Besides friendlies, practice and tournaments, Career is the last mode still standing for those that prefer to play offline. A new menu makes the game less intuitive for veterans and is probably still too clunky for new players, while the most prominent addition doesn't really work as intended. I'm talking about the ability to simulate a game by automatically skipping all the boring parts and only playing the highlights such as dangerous set ups or counter attacks. But while it's not that hard scoring goals in newer FIFA games, it still requires a few attempts and with only a handful of chances for each team during a simulation, a 1-1 draw felt like a regular goal show.
In many ways the different kinds of simulation illustrates what's wrong with the Career mode. You can now jump straight to the result, see little dots battling it out (as in Football Manager) or play the highlights yourself. Three distinct options, two of them newly introduced, and all pretty much unsatisfactory. The simple text simulation that resulted in realistic scores and at the same time was quite exciting was last seen in FIFA 19 and since then Career mode has just become more clunky filled with unnecessary additions such as the revamped training mode (from FIFA 21) and the many, many awkward cut-scenes and post-match interviews. It's even worse this year. For example, when playing as Arsenal I sold Gabriel Jesus and got two separate, but identical cutscenes of him leaving the club and being escorted to the door by the manager. The second was a bug (one of many in the Career mode) but the first was also completely unnecessary not to mention completely unrealistic.
For online play the most prominent addition is full crossplay between Xbox Series X, PS5 and PC. Besides that, we are once again talking minor adjustments instead of meaningful additions. Volta has been integrated with Pro Clubs, so your progress in the latter can be used to buy novelty glasses, tattoos, and strangely coloured jackets for your virtual street football player. A couple of new power ups makes the arcade-like mode a bit more exciting, but for the most part Volta is still just regular FIFA on a smaller pitch where the players do their very best to make simple passes seems overtly complex. A fun Mario Party-like mini game, where you are battling with other players to hit obstacles or juggle the ball, illustrates that there is still potential in Volta, but the fundamentals could really do with some more polishing.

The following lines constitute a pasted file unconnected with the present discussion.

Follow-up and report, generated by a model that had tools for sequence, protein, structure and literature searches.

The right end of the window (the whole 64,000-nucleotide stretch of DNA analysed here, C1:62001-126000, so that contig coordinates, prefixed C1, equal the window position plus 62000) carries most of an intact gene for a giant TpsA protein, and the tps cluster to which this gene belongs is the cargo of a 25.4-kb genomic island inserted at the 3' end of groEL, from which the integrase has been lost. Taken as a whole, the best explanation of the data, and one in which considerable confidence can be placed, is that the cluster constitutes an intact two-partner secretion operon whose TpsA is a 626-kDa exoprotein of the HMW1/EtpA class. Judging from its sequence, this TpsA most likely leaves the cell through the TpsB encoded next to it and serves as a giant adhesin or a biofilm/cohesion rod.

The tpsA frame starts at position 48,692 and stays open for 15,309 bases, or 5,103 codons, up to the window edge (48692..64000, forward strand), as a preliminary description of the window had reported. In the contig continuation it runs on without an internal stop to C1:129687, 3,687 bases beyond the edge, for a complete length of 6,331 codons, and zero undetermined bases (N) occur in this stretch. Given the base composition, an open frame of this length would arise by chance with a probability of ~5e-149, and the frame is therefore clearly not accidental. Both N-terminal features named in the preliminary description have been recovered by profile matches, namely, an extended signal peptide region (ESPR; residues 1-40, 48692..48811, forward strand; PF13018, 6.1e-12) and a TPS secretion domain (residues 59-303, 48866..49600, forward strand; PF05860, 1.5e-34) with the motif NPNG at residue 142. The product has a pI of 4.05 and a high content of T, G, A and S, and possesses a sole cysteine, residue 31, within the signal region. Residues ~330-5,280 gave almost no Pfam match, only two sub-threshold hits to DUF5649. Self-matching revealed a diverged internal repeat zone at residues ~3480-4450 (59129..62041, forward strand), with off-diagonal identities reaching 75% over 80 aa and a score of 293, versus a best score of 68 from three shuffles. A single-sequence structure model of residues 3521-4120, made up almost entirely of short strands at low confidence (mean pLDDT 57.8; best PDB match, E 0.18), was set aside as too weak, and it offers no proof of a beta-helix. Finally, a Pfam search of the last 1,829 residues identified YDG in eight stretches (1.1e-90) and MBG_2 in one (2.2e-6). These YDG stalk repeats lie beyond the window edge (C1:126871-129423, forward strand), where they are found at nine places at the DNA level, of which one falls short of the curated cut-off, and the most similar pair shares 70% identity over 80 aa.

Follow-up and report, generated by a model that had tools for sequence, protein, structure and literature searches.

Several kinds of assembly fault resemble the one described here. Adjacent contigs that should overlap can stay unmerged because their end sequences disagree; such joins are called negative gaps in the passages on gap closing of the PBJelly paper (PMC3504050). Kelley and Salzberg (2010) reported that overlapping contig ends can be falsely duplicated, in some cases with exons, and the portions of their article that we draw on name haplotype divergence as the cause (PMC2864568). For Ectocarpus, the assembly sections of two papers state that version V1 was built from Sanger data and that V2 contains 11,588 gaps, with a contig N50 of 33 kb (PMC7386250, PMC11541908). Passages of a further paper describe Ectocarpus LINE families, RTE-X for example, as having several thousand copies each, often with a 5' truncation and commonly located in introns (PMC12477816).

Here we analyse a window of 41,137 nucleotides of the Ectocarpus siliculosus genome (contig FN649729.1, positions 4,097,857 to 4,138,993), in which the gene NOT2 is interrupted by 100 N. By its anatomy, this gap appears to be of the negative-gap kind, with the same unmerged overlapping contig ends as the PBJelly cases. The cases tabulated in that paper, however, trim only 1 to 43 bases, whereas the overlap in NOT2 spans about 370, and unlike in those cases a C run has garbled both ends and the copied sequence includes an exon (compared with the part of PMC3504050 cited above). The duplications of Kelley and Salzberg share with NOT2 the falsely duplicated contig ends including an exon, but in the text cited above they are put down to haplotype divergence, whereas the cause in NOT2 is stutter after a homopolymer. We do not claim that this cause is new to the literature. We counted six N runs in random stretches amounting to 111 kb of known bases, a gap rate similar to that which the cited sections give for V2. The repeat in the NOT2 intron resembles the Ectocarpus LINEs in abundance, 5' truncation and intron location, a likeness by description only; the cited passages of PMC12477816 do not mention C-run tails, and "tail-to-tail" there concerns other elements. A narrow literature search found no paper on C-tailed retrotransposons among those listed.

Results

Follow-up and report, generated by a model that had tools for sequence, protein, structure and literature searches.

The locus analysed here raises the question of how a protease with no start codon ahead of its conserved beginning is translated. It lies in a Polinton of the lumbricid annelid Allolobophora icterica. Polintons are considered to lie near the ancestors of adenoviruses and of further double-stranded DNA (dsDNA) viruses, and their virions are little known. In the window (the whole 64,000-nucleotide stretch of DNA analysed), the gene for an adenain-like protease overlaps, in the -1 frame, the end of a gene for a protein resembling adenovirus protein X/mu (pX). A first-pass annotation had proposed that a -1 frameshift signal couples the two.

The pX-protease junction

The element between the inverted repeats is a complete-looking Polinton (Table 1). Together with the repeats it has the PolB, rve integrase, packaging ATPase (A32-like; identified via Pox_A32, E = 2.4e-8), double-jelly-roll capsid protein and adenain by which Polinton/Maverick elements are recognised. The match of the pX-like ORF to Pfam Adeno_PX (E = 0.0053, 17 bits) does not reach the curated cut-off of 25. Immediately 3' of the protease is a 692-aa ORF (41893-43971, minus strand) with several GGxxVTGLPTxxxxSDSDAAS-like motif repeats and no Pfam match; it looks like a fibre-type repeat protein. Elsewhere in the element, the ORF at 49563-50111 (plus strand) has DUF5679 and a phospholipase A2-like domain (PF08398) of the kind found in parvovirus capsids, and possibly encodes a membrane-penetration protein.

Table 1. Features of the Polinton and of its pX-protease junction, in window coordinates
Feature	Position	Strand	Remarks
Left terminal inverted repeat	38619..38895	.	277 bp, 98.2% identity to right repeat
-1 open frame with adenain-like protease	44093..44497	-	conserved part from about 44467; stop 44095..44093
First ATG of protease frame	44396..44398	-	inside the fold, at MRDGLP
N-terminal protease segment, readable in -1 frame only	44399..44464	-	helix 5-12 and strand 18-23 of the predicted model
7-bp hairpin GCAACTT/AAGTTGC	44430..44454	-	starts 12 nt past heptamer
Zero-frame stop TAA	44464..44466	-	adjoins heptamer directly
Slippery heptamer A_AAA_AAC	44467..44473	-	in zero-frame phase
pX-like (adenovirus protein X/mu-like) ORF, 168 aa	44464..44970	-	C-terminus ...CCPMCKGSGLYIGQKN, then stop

Ultimate Team is still then the place where most hours and crucially most money are going to be spent. Yet, EA hasn't gone out of their way to change their lucrative mode this time around. The most noticeable change is a new Chemistry system, that gives a bit more flexibility in creating your dream team. Besides battling for virtual rewards in Division Rivals and Squad Battles, you can now also try your hand at Golden Moments. Here you are tasked with completing objectives based on real matches - the first of the rotating playlists are about the coaching career of Jürgen Klopp and the sudden breakthrough of PSG Star Kyllian Mbappé. The idea is solid enough, but the execution is lacking as your objectives (such as crossing or making a specific dibble) often has no relation to the actual moment you are supposed to recreate. And of course, you're playing with your ultimate team, not the actual squads of say Mainz 05 during Klopp's successful reign.
After having somewhat stagnated during the last console generation, the FIFA series looked to be back on track with the shift to newer hardware. FIFA 21 offered lots of improvement outside of the pitch and FIFA 22 made many crucial improvements to the actual gameplay. In comparison, FIFA 23 falls flat on both parameters. It's not bad, and there are certainly plenty of additions if you scroll through the game's website. But that's just it. The additions feel like they are designed with bullet points in mind, not like they are meant to change the game in any meaningful way. As the licensing deal with FIFA is expiring after the release of this game, the next FIFA is going to be known as EA Sports FC. Hopefully this means that EA has been saving their resources for an impressive relaunch, but whether that is the case or not, FIFA 23 was not quite the send-off the license deserved.
6 / 10
Plenty of game modes, leagues, and official licenses. Beautiful presentation on and off the pitch. HyperMotion 2.0 leads to some impressive animations. Addition of Crossplay.
Gameplay has been adjusted, not upgraded. Most additions feel half-baked. Career mode is bloated. Matches most of the time still don't feel like actual football.